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Discussion about ‘The Testing Charade: Pretending to Make Schools Better’

Book highlights trouble with standardized exams
New York Teacher
Koretz discusses his book as Mulgrew listens.
Rockman takes notes during the discussion.

That a cadre of teachers was taught to believe that test prep was actually quality teaching is the most dangerous and lasting legacy of the United States’ ill-fated obsession with high-stakes standardized tests, according to “The Testing Charade: Pretending to Make Schools Better,” a new book by a Harvard professor. “This is not an anti-testing book, but a book where we criticize the use of standardized testing,” said Dr. David Koretz, the Henry Lee Shattuck Professor of Education at the Harvard Graduate School of Education and the book’s author, during a discussion with UFT President Michael Mulgrew at union headquarters on March 15. Koretz’s book traces how the pressure to raise test scores shapes both what is taught and how it is taught in public schools nationwide. Mulgrew commented that, as Koretz noted in the book, more than two decades worth of research shows that the nation’s obsession with standardized tests has not created a rich education for students. Yet despite the research, he said, ideologues and politicians can’t bear to give up their fixation with high-stakes testing: “The research tells us one thing, yet they continue to pass policies that ignore what it tells us.” Koretz pointed out that standardized tests weren’t initially devised to evaluate teachers. “If you go way back to when standardized testing was first designed three-quarters of a century ago, they were trying to design something that could supplement what you saw when walking into a classroom,” Koretz said. “We now know, for example, that the gap between rich and poor students is growing rapidly. How do we know that? We know because of standardized testing. It is a monitoring tool.” Retired teacher Lisa North said what she took away from the talk was that the worst effects of high-stakes testing are felt by children from low-income families. “They are the ones who spend much more of their learning time in test prep instead of being exposed to interesting curriculum that widens their knowledge and vocabulary,” she said. “The extremely large amount of money that is spent on the testing system should instead be used to enhance children’s learning.” Another retired teacher, Suzanne Rockman, said the book “reinforces what many educators fear to utter. We want real teaching, not teaching to the test.” Koretz, who chatted with audience members and signed copies of the book after the discussion, said no one has stepped forward to criticize his assertions and yet, he added, “I haven’t seen any substantial retreat from the policies I’m writing about.”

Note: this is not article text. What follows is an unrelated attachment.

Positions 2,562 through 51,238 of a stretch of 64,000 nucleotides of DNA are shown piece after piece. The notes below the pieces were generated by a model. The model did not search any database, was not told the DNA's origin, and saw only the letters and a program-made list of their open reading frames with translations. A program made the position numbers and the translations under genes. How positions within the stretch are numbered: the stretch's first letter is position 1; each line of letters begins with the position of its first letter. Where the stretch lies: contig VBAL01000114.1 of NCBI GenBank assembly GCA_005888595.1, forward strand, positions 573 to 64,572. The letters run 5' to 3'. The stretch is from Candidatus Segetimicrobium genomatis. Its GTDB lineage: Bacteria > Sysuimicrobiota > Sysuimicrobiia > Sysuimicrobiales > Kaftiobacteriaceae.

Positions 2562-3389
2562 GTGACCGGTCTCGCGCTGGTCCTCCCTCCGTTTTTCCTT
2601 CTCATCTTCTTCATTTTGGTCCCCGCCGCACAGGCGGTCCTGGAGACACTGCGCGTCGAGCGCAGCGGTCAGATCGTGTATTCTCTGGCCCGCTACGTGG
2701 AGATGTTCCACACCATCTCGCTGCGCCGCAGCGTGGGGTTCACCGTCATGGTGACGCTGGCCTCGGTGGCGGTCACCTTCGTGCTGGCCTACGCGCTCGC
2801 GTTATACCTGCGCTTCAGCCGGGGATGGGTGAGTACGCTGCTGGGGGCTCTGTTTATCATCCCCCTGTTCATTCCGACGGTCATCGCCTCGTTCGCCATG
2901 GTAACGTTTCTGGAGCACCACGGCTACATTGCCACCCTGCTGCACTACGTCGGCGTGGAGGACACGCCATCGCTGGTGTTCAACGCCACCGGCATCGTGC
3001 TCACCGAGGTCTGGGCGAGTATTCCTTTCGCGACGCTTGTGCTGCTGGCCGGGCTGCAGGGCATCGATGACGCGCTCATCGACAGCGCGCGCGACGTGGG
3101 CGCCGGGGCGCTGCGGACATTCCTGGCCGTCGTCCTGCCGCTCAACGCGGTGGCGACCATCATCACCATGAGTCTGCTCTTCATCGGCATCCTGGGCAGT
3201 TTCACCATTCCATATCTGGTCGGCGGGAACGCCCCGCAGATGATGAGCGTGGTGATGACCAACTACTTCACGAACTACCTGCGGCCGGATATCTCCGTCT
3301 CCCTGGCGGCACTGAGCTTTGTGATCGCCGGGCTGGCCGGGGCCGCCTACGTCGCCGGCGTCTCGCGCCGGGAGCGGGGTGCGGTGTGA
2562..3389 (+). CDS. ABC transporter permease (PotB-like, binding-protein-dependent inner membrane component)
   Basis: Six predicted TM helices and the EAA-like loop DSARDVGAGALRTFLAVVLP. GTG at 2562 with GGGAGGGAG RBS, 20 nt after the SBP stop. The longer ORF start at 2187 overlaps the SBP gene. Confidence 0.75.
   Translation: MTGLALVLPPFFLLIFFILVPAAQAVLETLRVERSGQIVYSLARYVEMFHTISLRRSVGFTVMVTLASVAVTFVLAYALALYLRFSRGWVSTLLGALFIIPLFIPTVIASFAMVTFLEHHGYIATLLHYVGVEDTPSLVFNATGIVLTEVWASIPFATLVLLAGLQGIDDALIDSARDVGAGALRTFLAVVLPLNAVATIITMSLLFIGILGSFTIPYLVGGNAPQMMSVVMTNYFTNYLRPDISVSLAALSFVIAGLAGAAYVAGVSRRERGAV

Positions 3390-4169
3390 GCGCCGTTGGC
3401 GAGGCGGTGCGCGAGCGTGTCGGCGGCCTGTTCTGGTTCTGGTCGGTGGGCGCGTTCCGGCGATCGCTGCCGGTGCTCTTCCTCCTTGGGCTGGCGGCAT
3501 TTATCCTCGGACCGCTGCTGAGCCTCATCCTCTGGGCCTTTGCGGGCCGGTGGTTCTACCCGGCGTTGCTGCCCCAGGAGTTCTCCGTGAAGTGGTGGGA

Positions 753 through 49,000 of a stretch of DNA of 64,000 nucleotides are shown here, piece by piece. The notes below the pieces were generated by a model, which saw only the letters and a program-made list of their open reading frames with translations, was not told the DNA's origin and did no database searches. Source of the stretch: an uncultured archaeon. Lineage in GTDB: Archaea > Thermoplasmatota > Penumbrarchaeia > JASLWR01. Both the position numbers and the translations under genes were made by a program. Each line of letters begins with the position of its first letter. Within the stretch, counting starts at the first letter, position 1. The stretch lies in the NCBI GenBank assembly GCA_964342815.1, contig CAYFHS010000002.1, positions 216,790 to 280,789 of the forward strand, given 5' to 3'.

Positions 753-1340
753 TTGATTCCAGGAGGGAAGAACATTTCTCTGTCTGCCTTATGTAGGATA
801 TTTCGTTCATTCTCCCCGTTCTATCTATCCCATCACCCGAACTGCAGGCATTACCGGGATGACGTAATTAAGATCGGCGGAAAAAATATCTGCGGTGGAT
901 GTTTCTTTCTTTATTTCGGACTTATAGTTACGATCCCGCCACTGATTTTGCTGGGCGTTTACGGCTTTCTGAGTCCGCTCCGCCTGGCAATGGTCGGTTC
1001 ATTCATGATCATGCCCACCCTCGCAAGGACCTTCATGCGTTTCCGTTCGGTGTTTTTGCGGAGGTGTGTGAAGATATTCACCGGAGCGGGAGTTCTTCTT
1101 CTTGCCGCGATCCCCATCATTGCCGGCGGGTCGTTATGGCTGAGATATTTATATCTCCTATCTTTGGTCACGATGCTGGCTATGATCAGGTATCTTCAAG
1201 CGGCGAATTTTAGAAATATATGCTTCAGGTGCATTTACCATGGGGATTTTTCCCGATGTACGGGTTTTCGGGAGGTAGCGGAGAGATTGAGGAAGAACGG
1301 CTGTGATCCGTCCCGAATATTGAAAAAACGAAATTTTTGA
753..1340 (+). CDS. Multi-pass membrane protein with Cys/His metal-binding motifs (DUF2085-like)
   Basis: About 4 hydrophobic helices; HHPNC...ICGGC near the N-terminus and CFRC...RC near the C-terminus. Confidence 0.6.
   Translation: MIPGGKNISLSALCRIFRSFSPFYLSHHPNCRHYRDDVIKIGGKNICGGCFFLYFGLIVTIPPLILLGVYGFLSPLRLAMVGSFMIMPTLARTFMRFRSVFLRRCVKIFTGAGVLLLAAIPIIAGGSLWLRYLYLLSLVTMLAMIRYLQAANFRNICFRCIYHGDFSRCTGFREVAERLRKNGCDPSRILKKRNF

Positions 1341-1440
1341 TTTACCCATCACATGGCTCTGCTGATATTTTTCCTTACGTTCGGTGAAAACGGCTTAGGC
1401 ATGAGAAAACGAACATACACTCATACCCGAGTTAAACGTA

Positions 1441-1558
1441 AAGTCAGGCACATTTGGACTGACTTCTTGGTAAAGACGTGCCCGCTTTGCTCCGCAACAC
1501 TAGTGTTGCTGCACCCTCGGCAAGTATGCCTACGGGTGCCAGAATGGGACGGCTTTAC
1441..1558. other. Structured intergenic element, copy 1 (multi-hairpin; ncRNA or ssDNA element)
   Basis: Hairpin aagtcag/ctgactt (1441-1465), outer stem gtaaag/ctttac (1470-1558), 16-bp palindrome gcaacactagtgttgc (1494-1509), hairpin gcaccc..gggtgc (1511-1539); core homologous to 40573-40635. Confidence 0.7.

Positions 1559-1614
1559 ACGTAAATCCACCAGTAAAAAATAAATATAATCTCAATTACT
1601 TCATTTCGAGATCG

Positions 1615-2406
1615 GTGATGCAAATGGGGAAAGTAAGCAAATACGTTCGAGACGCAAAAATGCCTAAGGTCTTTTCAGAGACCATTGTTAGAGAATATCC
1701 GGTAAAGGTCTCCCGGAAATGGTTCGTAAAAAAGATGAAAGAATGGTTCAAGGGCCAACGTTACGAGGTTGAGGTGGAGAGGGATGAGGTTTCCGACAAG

Related Topics: Testing